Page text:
Robert van de Graaf (1983, born in The Hague, The Netherlands) is interested in the connection between the mystic of this world, with all its elements (the sea, the sky, nature, fire, light and darkness), and the sense and the dimension of the spiritual world.
Van de Graaf draws inspiration from myths, mystical places or stories (both from history and present days) and the philosophy of life. His artworks accomplish his ongoing journey to seek meaning in life.
Van de Graaf is questioning human destiny and how we can move further and grow as human beings on a spiritual level. He wishes his artworks to provide ‘food’ for the soul for himself and its viewers. His artworks should be a (re)discovery for himself and the viewer and wishes to encourage deepening. This is his reaction on the superficiality of modern society and the lack of ‘soul food’ for younger generations.
Van de Graaf transforms the inspiration of its themes into symbolic modern interpretations while referring to paintings of the old masters as Rembrandt’s ‘The Storm on the Sea of Galilee’ (1632) and El Greco’s ‘The Vision of Saint John’ (1608-1614). The paintings balance between figuration and abstraction and allow some freedom of interpretation to the viewer.
Van de Graaf has been professionally trained in painting and drawing from his 13th till his 18th by the Dutch artist, Erica Meyster (1949 - 2006), before his studies in Architecture at the Technical University in Delft (MSc 2009). His inspiration for his artworks continue to come from the same area of interest of his youth, he always wanted to be an artist.
Van de Graaf experiences the process of creating as inner battles, freedom and faith.
THE BIBLE AND THE SEA, VISIONS OF ST. JOHN THE DIVINE, ST. JOHN AND THE STARS
In the series ‘The Bible and the Sea’ he tries to blend together two major influences in his life, passages of the Bible and the sea, translated into symbolic interpretations (his studio and house are next to the sea). In these paintings he is working towards a balance between figuration and abstraction.
Robert van de Graaf is both referring to themes of the old masters, as to give his own modern translation and interpretation of his historical subjects. With every painting there is a sort of story board with references to biblical passages and references to paintings of the Old Masters as Rembrandt’s ‘The Storm on the Sea of Galilee’ (1632).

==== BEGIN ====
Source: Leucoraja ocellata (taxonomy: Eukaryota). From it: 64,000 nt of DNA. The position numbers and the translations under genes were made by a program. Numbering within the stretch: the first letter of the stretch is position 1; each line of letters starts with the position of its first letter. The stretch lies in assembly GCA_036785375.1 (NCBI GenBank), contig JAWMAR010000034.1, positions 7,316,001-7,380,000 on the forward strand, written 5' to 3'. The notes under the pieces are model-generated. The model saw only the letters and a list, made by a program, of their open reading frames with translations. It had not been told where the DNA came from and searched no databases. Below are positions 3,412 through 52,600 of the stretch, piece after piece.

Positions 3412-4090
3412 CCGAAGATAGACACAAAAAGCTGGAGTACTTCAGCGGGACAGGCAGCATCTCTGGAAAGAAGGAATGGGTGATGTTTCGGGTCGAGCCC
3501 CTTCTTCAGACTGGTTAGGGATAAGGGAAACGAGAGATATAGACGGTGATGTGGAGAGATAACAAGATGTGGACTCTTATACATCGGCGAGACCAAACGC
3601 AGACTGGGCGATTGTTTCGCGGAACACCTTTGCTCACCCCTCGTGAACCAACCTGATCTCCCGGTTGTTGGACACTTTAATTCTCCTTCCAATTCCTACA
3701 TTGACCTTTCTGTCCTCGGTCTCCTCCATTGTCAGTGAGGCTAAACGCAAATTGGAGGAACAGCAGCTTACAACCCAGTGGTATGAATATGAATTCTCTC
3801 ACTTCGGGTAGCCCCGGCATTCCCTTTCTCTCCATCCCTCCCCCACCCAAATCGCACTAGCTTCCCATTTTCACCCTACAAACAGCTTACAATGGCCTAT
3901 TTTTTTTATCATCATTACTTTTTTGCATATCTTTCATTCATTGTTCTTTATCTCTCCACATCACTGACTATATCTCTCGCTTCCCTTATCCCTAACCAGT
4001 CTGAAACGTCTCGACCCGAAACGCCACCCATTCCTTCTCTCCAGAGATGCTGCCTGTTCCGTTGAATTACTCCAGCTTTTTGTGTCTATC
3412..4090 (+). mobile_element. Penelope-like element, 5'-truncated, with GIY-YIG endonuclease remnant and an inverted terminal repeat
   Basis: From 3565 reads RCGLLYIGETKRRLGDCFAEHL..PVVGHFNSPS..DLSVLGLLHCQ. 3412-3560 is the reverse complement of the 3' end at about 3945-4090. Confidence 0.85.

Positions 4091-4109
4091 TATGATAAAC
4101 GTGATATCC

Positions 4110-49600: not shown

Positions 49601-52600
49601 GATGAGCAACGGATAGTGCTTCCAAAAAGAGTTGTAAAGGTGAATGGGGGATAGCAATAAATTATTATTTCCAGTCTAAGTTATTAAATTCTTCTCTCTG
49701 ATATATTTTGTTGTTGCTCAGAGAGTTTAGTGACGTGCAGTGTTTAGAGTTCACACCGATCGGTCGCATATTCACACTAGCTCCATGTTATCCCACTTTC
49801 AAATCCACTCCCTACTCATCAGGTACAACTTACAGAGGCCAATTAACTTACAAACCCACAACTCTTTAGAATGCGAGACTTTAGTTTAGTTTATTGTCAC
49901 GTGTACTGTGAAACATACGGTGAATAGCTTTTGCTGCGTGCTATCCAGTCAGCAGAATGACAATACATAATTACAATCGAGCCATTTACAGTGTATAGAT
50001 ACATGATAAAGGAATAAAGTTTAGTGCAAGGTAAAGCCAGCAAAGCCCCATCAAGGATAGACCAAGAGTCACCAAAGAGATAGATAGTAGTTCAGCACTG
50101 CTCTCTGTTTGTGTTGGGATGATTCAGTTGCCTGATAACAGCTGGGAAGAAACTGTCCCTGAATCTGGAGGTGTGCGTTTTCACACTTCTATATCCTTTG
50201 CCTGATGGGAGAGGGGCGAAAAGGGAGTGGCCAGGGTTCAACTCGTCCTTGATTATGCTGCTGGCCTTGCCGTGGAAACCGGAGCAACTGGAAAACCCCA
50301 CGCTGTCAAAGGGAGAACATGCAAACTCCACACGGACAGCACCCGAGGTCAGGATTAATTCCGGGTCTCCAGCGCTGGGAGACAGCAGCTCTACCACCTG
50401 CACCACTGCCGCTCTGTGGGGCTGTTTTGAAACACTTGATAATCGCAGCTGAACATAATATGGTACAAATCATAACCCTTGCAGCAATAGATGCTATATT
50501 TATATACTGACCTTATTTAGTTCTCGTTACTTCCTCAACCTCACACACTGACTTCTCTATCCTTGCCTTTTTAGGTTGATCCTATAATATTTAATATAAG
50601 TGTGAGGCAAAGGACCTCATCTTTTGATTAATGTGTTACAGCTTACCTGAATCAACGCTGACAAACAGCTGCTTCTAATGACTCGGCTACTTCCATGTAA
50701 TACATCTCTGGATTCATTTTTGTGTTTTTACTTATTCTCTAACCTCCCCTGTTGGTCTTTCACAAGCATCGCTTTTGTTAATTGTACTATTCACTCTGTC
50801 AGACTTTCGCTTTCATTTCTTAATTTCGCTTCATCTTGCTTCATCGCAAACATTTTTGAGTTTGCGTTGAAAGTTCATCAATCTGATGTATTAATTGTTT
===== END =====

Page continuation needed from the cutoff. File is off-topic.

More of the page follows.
The series ‘Visions of St. John the Divine’ are inspired by passages of the Revelations from the Bible. In this series he tries to blend together his imagination and passages from the Revelations while keeping some freedom of interpretation for the viewer. Every painting is inspired by different passages of the Revelations.
While St. John was banned to the island Patmos (Greece) his spirit was touched by the Spirit of God to write down the Revelations. St. John dictated his visions to his pupil Prochoros who wrote down the visions. The pictures are seen through the eyes of Prochoros, who was the spectator of St. John and his visions.
Van de Graaf also interprets the Revelations as a comment on modern society and a warning towards the fragility of the earth and mankind.
During his gallery research trip to New York in 2017 he visited the ‘Cathedral Church of St. John the Divine’ in New York City (Amsterdam Avenue at 112th street). From that moment he decided to dedicate at least three series to the Revelations and St. John the Divine.
In the series ‘St. John’s Heavens and Stars’ Van de Graaf enlarges the situation of the Apostle St. John receiving his visions looking to the skies, the sea, the moonlight and the stars. The paintings reveal the information of the Heavens St. John is receiving in his visions. This is the source of inspiration for the 14 paintings of this series.
In these paintings he is working towards a bit more abstraction for this series while keeping the recognition of a nightscape at the seaside. The viewer is now looking directly through the eyes of St. John without an additional narrating element in the paintings (as in ‘Visions of St. John the Divine’).